apertures placed in the partition walls. The Napoleonic half moon battery at
Berry Head occupied the same site as its earlier predecessor of 1780. It was
built in 1795 and was armed with twelve 42-pounder cannon set within a wide
terrace with a low parapet bank along its seaward sides (this bank forming the
half moon shape from which this type of battery gets its name). The gun
platforms were originally of wood and later of moorstone but these were
removed in 1817; the terrace revetment wall remains to indicate the site of
the battery and traces of four of the gun platforms can still be seen.
About 280m north west of the entrance to Berry Head Fort is Hardy's Head
Battery. This battery was built in 1780 during the American War of
Independence. It comprised three 24-pounder cannon on wooden gun platforms
`en barbette' (ie the guns fired over their surrounding parapet rather than
through them). It was dismantled in 1783 at the end of the war but was
resurrected in 1794 as part of the Napoleonic defences. In this second phase
its armament was increased from three to four cannon, one of which could offer
fire to cover the northern side of the main fort. The wooden gun platforms
were replaced by moorstone blocks which still survive, as does the surrounding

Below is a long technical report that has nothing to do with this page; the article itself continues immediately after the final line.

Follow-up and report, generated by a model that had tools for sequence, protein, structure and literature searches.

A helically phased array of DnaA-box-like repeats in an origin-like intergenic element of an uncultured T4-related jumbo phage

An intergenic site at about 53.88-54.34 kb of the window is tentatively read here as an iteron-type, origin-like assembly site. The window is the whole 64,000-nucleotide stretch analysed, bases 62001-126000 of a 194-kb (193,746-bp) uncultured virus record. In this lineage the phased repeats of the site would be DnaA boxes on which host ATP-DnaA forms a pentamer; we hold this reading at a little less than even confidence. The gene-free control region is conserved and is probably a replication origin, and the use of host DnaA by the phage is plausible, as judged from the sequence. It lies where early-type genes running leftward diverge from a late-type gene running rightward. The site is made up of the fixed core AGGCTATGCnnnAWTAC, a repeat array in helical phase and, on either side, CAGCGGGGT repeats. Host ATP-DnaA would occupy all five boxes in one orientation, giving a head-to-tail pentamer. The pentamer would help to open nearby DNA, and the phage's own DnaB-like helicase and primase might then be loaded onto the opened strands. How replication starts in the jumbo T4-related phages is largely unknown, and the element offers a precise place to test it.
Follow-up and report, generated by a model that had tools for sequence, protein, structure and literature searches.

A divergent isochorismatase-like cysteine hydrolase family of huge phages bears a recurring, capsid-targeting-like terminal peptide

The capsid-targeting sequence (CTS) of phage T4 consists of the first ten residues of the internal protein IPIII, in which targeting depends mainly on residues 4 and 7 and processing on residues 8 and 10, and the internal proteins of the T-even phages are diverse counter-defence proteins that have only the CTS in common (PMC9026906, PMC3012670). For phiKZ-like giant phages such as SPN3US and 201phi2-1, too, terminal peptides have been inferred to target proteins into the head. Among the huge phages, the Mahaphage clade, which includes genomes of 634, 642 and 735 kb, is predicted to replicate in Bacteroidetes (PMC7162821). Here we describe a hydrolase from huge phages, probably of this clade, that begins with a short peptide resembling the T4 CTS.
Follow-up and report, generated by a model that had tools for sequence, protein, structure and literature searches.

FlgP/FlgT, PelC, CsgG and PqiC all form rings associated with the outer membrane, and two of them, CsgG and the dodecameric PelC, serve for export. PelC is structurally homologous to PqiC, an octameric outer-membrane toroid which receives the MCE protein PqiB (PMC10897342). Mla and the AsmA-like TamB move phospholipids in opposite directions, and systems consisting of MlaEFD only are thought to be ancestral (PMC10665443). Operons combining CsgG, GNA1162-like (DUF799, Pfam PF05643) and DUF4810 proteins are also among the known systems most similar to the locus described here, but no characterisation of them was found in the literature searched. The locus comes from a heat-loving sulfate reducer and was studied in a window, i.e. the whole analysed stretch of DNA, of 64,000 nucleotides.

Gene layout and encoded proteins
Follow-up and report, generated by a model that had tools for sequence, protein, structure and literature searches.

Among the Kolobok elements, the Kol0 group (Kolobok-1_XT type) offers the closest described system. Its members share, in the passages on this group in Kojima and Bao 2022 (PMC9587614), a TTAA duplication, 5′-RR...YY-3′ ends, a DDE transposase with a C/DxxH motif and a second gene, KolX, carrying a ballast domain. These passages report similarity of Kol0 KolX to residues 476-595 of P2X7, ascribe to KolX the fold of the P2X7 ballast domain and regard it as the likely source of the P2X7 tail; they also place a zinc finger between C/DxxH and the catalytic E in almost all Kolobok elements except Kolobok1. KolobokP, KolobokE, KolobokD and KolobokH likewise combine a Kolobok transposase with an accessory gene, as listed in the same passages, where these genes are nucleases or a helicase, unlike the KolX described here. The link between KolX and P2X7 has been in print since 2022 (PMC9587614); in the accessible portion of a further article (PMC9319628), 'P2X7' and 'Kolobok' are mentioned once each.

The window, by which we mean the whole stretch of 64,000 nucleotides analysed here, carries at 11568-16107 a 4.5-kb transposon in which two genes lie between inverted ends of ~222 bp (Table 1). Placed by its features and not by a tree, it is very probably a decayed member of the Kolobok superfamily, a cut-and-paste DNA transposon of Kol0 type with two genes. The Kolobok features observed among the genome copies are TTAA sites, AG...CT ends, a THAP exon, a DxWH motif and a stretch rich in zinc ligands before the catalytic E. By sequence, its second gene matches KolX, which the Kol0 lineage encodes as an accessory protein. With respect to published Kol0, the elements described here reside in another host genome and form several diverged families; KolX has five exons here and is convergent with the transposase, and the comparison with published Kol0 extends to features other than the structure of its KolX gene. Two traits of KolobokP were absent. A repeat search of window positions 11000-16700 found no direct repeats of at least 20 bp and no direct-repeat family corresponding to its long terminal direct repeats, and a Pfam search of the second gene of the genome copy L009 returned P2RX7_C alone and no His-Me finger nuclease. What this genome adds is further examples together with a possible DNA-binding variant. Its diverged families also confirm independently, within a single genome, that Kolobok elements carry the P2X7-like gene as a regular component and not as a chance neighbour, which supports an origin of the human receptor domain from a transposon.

low parapet of compacted earth and limestone rubble which encloses the battery
on its north, east and west sides, forming a trapezoidal shape facing the sea
approaches to the Torbay harbourage. A magazine, possibly associated with the
battery and shown on early 20th century maps, has been quarried away.
Following the end of the Napoleonic Wars in 1815 Berry Head Fort was
maintained under military control until at least 1832 although the barracks
were dismantled; a walled garden abutting the southern musketry wall was
probably constructed shortly after 1815 during the period of continued
military occupation of the site. Some of the fort buildings have been
converted for other uses whilst post-Napoleonic War structures within the fort
include a lighthouse constructed on the northern tip of the headland in 1906,
a coastguard lookout station built into the former magazine building during
the same year, a Royal Observer Corps (ROC) post built onto the foundations of
a Napoleonic store building in the centre of the fort in 1943, and an
underground ROC Cold War monitoring post built, also in the centre of the
fort, in about 1960.

Excluded from the scheduling are the Guard House Cafe which is also a
residence (Listed Grade II), the old artillery store, now a public shelter
(Listed Grade II), the magazine (Listed Grade II) which has an incorporated
coastguard lookout, the Berry Head lighthouse, its ancillary buildings and
enclosure walls, the concrete triangulation point, the putting green fittings,
all fixed benches, lamp posts, bollards, information boards, fixed telescopes,